When a project manager is delivering their project at pace it’s like being a rally driver. They are seeking to navigate a course where road conditions evolve as the environment unfolds; sometimes the road is not defined and they have to navigate a route across deserts or open countryside.
The project management community’s response to this is typically to ensure that the car is loaded up with instruction manuals and the roadside is littered with signage.
The driver doesn’t always have the luxury of time to read all of the signs and they degenerate into distractions in the periphery vision as the driver keeps focused on the road.
If a rally driver was asked to stop every mile to explain how they performed on the last section then progress would be seriously impeded; real time feedback provides the insights required. Furthermore, performance is not judged on one race, it is against a series of events which keep refining performance as the series progresses.
The driver would benefit more from understanding how others have driven along the route, sector times and stats, where they have been able to make up time, feedback on real time performance of the car, where accidents have occurred and the consequences of the accidents.
The remainder is left to the discretion of the driver and the navigator. Within the P3M profession, the project manager is bombarded with an increasing volume of signage, rules and regulations, processes and governance when many actually want to know where those before them have faltered
They are experienced rally drivers and are appropriately qualified to drive the car, but may be unfamiliar with the specific condition and circumstances of the track. The track is constantly evolving and weather conditions can change in an instant.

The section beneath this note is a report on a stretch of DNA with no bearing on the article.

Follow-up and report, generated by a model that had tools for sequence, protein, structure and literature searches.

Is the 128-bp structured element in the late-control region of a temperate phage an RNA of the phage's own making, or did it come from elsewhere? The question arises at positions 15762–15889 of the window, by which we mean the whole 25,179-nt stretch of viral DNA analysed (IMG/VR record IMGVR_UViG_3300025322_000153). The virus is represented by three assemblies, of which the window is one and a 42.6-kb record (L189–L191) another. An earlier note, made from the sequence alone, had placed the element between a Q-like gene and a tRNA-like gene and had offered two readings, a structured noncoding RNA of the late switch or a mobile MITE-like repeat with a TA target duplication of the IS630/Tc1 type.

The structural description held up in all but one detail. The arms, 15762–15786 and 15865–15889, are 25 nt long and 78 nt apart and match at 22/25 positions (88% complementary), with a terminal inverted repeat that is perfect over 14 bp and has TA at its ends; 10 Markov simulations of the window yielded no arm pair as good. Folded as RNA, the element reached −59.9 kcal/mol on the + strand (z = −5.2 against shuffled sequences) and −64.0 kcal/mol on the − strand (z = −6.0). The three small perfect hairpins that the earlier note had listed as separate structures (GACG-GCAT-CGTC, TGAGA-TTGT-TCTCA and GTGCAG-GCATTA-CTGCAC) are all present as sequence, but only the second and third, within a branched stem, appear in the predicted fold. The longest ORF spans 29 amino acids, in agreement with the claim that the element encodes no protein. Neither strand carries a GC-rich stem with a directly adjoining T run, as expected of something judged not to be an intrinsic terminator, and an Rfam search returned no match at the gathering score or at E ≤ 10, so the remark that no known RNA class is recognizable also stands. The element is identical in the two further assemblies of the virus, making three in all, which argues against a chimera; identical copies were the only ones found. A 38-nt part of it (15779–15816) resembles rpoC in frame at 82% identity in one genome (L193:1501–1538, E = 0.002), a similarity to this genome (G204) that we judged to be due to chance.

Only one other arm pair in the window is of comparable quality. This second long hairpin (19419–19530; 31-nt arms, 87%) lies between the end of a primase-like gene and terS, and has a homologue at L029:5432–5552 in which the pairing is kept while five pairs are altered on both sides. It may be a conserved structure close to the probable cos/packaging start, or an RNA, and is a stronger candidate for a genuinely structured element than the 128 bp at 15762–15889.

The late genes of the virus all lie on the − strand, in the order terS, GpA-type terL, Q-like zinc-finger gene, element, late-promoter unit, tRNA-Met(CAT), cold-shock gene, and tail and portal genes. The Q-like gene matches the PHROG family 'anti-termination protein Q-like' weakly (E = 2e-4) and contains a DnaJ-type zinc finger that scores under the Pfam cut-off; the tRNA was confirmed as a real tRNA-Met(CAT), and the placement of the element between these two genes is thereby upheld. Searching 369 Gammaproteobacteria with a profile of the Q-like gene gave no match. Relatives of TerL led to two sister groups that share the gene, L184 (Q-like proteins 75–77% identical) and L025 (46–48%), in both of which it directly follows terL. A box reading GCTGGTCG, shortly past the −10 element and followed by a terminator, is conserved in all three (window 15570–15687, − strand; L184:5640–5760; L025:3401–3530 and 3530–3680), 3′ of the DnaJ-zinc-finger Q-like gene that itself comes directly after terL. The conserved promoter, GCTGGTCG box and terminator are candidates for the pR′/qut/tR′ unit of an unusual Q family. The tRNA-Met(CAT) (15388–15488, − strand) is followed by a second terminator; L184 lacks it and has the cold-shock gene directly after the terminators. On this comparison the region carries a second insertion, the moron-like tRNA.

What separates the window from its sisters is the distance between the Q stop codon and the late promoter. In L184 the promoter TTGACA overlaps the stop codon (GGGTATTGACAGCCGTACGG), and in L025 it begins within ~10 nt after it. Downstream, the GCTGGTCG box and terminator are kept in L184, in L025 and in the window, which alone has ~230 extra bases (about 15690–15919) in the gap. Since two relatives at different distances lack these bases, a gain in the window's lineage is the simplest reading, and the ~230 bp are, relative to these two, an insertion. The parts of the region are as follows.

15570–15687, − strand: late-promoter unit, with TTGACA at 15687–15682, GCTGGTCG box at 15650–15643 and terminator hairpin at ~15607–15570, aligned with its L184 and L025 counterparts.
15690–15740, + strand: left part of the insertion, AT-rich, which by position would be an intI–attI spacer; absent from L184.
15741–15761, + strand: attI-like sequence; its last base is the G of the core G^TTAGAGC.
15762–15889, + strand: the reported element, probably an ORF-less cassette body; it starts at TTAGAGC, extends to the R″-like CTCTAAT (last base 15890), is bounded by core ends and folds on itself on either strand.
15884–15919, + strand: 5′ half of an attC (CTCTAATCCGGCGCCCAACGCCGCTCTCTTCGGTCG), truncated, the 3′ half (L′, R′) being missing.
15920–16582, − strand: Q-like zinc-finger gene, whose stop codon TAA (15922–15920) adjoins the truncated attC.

It could be argued that although the lessons learned process could result in changes to the car or routing of the road, the main focus should be on providing the contextural insights specific to the piece of road being traversed.
Furthermore, the race team also require analytics on where the car and driver may not have performed as well as could be expected so that adjustments can be made for the future.
The latter is generally an issue for the Portfolio Management Office. The former is something that is lacking within the dataset.
Although young rally drivers need to be nurtured and provided with opportunities to refine their skills within a safe environment, seasoned practitioners work at the edge of the envelope. They are well qualified and understand the theory.
Their challenge is how to apply the theory in a dynamic context within evolving constraints. It is an issue of prioritisation of management and delivery effort rather than teaching them how to drive.
If an organisation has never delivered a specific type of project before, how can it know which elements of the process need to be prioritised over others? The answer lies within the body of experience, segmented to the specific challenges of the project. But history has shown that systems and methods alone are unlikely to resolve the problem.
Although leveraging insights from experience can help the project team, the project manager does not work in isolation. They are surrounded by governance, assurance and processes, all of which can assist or constrain progress.
It is important that an organisation understands how experience influences the future and whether an intervention is required at project, programme or portfolio level. Moving towards a culture of extracting small margins when currently a lot of organisations are unable to quantify where the margins are large, small or potentially damaging for the business.
I acknowledge that the analogy is not perfect, but I do hope it helps P3M professionals to reflect on the balance of an ever-expanding set of processes and governance vs recruiting the right people and enabling them to perform to the best of their ability with the cards they are dealt.
Martin Paver is CEO of Projecting Success